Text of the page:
Which family does Dutch belong to? & Who speaks Dutch?
Nederlands belongs to the group of West Germanic languages. It is spoken by over 22 million people natively and over 5 million people as a second language. It is mother official tongue in Netherlands and Belgium (with French and German); it is the official language of the Flanders and of the Capital-Region of Brussels where it is generally called Flemish (Vlaams). Outside Europe Dutch is the official language of the South American country of Suriname (ex-colony of the Netherlands), where in recent decades it has evolved from second language into mother tongue of the inhabitants. It is also the official language, but spoken as a second language in this case, in the Caribbean territories of the Kingdom of the Netherlands: Aruba and Curaçao (where the mother tongue is Papiamento) and Sint Maarten (where the mother tongue is English).
In Indonesia, Dutch has a certain importance from a historical point of view (Indonesia was a colony of the Netherlands until 1949) and it is particularly important for archival and legal reasons.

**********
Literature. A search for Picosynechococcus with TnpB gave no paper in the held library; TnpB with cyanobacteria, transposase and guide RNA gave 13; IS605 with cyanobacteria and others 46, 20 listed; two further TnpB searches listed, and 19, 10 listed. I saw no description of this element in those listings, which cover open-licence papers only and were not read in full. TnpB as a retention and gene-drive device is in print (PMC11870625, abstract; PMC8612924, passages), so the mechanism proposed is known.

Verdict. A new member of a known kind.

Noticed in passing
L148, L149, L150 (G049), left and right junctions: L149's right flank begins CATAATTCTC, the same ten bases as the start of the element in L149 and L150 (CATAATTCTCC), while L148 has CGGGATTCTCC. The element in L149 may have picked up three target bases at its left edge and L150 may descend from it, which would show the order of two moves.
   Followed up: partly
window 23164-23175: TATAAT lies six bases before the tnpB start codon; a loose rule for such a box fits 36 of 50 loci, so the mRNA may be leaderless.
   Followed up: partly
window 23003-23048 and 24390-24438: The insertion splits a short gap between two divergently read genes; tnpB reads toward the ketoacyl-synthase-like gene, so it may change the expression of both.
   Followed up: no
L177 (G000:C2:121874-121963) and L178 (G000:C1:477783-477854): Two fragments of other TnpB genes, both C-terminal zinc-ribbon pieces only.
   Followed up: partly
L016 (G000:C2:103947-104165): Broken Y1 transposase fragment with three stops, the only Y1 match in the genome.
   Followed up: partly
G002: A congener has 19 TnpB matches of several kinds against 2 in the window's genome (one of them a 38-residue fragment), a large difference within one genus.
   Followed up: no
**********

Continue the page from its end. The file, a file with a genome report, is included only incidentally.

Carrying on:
The Nederlandse Taalunie (literally: Union of the Nederland language) is an international organization founded in 1980 to collect the territories in which Dutch is spoken; part of the union are: The Netherlands (including the Caribbean dependencies), the Flemish Community of Belgium and, since 2004, Suriname.
Interestingly, the Afrikaans language, spoken in South Africa and Namibia, is closely related to Dutch. Its grammatical peculiarities (almost total lack of verb conjugation, no imperfect tense, double negation, one grammatical gender) and its lexical features (the introduction of a number of words from African dialects) have made it a separate language, which developed independently from the Dutch of the 18th century; however, learning fluent Dutch is very easy for a speaker of Afrikaans and the two languages are mutual intelligible.
What are the main linguistic features of Dutch?
Dutch has three genders: masculine, feminine and neuter, although for many speakers, masculine and feminine have merged to form the common gender (article: de), while the neuter (article: het) remains distinct as before. This gender system is similar to those of most Continental Scandinavian languages.
- Enciclopedia Grolier